Facebook Stock Sinks After Cambridge Analytica Report

Social network is on track for its worst trading day in more than a year

Wall Street has taken its first opportunity to weigh in on the fallout from the Cambridge Analytica revelation with Facebook falling on Monday morning.

The social network was down more than 5.5 percent to $175 a share in early morning trading.

The drop, if sustained through the market’s close, would be Facebook’s biggest dip in more than a year.

Facebook suspended data analytics firm Cambridge Analytica for covertly harvesting information from more than 50 million profiles. The New York Times reported on Saturday that the data was purchased to aid President Trump’s 2016 campaign.

According to the Times, ahead of the 2014 midterm elections, Cambridge Analytica received a $15 million investment from Republican donor Robert Mercer, and “wooed” Mercer political adviser Steve Bannon, better known Donald Trump’s former chief White House strategist and the ex-executive chairman of Breitbart News.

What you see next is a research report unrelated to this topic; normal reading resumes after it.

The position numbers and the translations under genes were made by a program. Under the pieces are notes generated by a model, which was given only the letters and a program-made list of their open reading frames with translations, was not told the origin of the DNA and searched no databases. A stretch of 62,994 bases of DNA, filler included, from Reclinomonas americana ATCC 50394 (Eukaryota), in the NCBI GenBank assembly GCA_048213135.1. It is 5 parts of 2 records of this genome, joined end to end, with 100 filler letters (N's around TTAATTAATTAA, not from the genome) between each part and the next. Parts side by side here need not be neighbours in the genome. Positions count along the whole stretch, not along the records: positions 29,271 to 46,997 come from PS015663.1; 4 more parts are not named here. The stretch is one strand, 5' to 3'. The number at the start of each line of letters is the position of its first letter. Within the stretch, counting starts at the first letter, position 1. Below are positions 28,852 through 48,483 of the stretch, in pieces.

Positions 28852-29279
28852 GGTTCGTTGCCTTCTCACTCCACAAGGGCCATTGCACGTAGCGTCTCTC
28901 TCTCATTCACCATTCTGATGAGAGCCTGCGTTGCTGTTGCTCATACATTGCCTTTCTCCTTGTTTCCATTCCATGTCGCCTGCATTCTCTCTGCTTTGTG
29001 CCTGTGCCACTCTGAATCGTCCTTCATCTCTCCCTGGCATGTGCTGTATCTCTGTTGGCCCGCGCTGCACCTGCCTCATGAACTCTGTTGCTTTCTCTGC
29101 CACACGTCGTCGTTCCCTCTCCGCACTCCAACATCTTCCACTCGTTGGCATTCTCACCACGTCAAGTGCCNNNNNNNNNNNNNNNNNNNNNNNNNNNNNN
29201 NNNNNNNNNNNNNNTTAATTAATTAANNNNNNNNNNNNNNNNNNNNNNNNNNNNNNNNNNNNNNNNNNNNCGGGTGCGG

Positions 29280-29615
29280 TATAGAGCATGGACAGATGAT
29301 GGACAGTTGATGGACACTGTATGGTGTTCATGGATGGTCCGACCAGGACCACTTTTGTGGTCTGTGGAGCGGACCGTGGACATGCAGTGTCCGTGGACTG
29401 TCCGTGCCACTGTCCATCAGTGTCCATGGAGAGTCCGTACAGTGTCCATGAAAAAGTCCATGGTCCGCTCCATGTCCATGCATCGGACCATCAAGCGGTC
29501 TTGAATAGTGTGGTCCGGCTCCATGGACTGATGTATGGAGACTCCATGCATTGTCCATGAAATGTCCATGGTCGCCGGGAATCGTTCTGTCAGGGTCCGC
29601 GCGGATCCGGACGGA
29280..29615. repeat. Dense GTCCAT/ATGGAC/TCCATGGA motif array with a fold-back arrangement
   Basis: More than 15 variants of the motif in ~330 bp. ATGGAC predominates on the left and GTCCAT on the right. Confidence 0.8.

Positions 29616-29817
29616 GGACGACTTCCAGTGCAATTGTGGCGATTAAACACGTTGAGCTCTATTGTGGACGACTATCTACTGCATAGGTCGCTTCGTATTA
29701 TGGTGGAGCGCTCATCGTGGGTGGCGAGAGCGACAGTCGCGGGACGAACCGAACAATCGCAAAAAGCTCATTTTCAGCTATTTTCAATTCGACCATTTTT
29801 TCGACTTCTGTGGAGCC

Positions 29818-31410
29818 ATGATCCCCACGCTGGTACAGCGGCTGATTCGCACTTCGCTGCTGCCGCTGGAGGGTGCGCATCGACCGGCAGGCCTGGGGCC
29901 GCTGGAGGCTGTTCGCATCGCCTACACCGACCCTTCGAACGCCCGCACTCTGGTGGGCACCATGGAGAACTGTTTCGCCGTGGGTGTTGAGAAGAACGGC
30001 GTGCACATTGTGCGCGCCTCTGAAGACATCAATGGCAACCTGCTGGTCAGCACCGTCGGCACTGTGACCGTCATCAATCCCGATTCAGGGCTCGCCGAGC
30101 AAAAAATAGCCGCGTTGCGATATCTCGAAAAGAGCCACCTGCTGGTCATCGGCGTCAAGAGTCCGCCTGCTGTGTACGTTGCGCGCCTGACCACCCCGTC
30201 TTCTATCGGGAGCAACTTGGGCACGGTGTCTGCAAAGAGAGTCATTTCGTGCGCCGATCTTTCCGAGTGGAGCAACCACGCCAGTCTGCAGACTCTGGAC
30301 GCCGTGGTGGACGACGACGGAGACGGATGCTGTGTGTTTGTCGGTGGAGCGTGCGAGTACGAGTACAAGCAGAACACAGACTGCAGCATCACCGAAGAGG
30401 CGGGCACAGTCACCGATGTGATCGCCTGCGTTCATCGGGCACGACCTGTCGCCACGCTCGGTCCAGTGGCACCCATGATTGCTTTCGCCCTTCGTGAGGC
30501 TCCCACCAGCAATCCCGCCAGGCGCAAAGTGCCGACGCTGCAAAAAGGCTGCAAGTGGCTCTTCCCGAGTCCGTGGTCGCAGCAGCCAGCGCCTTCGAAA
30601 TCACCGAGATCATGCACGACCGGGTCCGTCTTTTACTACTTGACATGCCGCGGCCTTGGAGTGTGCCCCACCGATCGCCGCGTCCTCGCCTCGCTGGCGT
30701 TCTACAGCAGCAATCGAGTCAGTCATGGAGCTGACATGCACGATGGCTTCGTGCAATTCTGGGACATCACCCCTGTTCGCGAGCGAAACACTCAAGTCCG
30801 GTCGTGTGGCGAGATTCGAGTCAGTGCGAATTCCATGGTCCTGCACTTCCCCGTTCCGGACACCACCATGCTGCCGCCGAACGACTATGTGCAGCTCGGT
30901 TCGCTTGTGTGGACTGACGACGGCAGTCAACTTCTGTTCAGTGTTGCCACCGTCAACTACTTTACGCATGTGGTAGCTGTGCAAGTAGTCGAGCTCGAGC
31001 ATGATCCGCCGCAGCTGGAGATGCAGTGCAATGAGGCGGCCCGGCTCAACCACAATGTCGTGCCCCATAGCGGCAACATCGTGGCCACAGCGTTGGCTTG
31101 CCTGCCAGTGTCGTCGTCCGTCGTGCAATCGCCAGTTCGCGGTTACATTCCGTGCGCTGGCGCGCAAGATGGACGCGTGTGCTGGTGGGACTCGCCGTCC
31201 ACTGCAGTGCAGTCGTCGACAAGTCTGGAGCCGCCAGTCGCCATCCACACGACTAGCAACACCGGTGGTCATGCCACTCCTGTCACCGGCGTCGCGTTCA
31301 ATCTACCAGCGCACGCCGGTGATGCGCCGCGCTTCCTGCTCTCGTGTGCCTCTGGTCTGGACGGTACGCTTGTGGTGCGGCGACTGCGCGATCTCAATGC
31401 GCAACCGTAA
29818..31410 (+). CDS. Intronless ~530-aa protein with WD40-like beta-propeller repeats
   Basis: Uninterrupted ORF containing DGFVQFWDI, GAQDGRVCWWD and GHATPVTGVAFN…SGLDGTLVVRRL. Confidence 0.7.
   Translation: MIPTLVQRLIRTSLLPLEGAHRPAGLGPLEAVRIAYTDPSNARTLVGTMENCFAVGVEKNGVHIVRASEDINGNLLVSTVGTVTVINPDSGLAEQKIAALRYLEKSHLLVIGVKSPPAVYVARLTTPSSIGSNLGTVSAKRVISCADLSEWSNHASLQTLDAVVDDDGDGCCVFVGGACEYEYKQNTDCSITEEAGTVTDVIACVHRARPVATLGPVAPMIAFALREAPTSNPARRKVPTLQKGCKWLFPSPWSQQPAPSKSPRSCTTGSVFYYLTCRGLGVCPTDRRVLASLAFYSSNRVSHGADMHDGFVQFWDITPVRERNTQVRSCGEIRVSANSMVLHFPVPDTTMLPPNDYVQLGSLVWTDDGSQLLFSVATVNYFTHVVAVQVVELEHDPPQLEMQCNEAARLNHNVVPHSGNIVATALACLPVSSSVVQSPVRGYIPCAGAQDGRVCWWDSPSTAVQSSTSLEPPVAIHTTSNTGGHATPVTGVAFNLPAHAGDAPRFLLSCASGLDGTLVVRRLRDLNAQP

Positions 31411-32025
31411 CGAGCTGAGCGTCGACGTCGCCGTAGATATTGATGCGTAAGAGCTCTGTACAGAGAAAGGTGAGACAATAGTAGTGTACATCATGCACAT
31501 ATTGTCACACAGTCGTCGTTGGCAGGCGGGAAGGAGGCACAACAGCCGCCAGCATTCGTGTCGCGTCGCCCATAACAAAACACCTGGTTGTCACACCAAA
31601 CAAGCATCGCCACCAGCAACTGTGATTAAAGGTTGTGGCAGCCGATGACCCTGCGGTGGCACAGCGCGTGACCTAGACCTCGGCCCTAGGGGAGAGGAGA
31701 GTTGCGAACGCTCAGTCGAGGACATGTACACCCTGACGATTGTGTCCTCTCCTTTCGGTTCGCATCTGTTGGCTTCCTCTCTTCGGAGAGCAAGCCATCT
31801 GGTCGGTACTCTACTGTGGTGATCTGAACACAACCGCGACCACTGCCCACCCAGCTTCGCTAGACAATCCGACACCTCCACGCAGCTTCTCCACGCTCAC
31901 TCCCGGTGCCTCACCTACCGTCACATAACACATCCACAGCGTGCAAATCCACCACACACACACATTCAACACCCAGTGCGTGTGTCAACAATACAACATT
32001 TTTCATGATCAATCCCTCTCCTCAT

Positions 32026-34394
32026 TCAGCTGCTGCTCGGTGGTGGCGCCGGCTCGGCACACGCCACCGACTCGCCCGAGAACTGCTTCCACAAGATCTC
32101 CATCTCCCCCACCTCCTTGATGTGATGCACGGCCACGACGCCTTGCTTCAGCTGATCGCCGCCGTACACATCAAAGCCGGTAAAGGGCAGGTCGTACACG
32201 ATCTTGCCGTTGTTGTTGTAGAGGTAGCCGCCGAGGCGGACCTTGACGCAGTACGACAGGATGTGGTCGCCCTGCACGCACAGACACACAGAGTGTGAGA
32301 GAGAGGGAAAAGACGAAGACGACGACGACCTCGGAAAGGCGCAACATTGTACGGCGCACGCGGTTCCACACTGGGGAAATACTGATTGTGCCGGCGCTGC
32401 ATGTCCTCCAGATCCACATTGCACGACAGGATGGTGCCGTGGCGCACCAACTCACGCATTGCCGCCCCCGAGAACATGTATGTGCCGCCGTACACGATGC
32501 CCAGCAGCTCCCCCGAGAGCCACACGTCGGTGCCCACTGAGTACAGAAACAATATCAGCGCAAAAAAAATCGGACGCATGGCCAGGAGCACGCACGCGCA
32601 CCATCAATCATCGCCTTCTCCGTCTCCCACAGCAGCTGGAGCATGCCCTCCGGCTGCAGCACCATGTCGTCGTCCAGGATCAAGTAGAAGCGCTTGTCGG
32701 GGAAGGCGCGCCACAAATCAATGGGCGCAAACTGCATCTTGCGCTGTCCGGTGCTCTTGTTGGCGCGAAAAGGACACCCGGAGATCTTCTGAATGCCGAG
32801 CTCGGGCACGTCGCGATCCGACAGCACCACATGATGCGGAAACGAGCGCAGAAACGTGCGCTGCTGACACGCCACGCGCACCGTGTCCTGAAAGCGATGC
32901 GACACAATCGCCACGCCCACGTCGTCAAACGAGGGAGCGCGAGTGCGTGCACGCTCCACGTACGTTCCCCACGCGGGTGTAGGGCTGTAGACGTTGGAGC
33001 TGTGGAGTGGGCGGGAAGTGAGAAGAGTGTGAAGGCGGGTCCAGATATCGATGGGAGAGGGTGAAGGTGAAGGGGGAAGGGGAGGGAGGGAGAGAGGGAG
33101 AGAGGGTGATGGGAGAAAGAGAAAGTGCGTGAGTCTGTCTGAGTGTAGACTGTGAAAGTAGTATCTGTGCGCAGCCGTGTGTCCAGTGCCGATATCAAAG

The company then paid University of Cambridge psychology professor Dr. Aleksandr Kogan for Facebook user data he had collected through an app. Sharing such information is a violation of the social media website’s policy.

Kogan’s “thisisyourdigitallife” app, which was downloaded by approximately 270,000 Facebook members, was billed as “a research app used by psychologists,” and offered users a personality prediction. In doing so, users gave consent for the app to access information about their location, content they liked, and what Mark Zuckerberg’s company qualified as some “limited information” about friends without strict privacy settings.

Facebook said on Saturday that “Kogan lied to us” by passing data collected from his app to Cambridge Analytica. Facebook said that when it learned of the violation in 2015, it removed Kogan’s app. The company added it “demanded certifications from Kogan and all parties he had given data to that the information had been destroyed.”

CEO Mark Zuckerberg isn’t just feeling the heat from investors, either; American and British politicians are demanding the chief exec testify on how such a massive breach could take place.